abstract = {In 2015, the Critical Assessment of Genome Interpretation (CAGI) proposed a challenge to devise a computational method for predicting the phenotypic consequences of genetic variants of a lysosomal hydrolase enzyme known as α-N-acetylglucosaminidase (NAGLU). In 2014, the Human Gene Mutation Database released that 153 NAGLU mutations associated with MPS-IIIB and 90 of them are missense mutations. The ExAC dataset catalogued 189 missense mutations NAGLU based on exome sequence data from about 60,000 individual and 24 of them are known to be disease associated. Biotechnology company, BioMarin, has quantified the relative functionality of NAGLU for the remaining subset of 165 missense mutations. For this particular challenge, we examined the subset missense mutations within the ExAC dataset and predicted the probability of a given mutation being deleterious and relating this measure to the capacity of enzymatic activity. In doing so, we hoped to learn the degree to which changes in amino acid physicochemical properties are tolerable for NAGLU function. Amino acid substitution (AAS) prediction methods are mainly based on the sequence and structure information. Simple comparisons between different AAS methods are not only difficult, but also irrational because each method was tested on various datasets and based on varied versions of databases. Currently, several AAS prediction methods have been introduced. PolyPhen-2, an updated version of PolyPhen, is a tool used to predict possible impacts of an amino acid substitution on the structure and function. Users are required to provide protein or SNP identifiers, protein sequences, substitution positions, etc. A score is provided, ranging from 0 to 1, corresponding to the probability of a mutation resulting in no functionality for the enzyme. Once the probability scores were generated, the dataset was then run through multiple machine learning algorithms to generate an applicable model for predicting the enzymatic activity of MPS IIIB-related mutations. This prediction was generated using the PolyPhen-2 probability score and other information about the mutation (amino acid type, location, allele frequency, etc.) as input feature variables. This generated a predicted aggregate score for each mutation, which was then reported back to CAGI. The results of the analysis are significant enough to hold confidence that the scores are decent predictors of enzymatic activity given a mutation in the NAGLU amino acid sequence.},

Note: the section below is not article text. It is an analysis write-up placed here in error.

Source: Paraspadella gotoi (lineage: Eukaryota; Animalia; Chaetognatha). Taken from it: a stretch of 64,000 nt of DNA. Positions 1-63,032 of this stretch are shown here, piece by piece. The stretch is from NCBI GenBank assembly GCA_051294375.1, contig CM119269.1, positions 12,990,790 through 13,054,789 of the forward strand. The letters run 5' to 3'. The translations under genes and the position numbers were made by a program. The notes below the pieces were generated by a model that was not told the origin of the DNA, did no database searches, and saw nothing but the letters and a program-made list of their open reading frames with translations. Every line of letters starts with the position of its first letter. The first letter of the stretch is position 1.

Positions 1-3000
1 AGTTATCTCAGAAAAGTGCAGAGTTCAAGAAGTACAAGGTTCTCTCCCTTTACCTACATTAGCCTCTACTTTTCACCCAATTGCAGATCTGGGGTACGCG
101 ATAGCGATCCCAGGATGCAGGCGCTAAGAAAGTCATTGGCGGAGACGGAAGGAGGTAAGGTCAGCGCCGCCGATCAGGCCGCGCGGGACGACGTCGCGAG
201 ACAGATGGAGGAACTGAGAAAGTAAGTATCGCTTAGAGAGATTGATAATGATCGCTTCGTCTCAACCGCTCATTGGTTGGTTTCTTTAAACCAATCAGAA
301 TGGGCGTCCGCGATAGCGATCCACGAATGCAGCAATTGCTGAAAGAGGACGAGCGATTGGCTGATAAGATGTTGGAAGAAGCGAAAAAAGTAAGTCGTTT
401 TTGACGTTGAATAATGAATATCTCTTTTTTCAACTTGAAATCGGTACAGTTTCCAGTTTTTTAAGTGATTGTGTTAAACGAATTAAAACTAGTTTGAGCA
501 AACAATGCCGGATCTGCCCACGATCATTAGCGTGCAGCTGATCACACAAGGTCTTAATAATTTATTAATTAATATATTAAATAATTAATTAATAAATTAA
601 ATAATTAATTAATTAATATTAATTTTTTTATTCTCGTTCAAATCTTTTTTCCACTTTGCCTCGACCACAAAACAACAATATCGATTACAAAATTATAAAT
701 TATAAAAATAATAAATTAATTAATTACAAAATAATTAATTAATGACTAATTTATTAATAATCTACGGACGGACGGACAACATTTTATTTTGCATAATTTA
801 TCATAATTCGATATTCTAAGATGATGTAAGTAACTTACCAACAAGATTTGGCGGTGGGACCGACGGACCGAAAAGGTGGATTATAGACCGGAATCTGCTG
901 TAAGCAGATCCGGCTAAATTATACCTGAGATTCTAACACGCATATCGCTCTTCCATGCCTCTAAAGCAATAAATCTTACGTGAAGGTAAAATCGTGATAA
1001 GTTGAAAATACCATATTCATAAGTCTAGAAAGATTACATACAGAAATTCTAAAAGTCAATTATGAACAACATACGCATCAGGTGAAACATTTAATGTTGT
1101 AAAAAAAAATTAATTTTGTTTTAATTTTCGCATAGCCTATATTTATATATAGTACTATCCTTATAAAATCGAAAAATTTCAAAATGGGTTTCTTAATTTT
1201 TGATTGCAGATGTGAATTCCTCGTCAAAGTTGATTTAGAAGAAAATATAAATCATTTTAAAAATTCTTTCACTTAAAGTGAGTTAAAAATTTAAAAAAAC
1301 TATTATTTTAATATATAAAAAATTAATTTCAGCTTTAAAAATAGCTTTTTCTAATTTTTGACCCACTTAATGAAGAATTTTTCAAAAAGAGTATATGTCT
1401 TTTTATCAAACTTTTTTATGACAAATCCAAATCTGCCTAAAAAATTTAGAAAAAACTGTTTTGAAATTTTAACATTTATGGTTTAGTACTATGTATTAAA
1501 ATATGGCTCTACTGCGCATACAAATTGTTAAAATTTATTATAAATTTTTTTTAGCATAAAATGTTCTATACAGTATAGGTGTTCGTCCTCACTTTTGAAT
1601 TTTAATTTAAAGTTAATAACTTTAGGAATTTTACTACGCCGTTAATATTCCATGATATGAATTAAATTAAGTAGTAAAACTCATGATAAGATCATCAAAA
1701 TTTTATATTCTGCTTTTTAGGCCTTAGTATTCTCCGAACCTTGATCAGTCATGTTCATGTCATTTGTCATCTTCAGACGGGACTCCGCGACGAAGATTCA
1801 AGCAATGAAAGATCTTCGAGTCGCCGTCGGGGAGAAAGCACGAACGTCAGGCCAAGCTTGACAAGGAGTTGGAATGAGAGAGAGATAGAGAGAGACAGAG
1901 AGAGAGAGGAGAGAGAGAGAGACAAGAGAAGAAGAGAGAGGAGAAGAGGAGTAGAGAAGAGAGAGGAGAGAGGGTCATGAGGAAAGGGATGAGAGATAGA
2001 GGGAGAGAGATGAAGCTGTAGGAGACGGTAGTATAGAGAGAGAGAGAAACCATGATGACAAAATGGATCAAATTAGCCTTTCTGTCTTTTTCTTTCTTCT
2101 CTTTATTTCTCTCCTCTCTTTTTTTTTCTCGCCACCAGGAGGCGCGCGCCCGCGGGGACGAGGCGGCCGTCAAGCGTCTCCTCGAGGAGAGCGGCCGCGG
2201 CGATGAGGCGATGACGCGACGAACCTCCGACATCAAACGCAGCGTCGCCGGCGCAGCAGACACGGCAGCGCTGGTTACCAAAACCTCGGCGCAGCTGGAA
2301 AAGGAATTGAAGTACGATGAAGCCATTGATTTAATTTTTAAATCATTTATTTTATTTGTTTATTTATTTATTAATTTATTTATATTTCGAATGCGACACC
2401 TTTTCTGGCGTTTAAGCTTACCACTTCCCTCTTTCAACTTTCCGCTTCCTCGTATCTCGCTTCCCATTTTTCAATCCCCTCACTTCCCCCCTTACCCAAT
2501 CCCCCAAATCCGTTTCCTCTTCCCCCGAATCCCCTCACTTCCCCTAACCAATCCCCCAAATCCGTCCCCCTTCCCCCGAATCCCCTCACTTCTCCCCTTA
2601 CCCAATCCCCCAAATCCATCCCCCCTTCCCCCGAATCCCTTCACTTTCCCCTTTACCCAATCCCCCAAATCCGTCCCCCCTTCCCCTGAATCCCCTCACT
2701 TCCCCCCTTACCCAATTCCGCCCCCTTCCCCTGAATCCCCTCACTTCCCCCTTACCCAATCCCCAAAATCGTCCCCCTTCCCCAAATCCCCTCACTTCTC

URL = {https://www.biorxiv.org/content/early/2019/04/05/598870},
	eprint = {https://www.biorxiv.org/content/early/2019/04/05/598870.full.pdf},
	journal = {bioRxiv}
}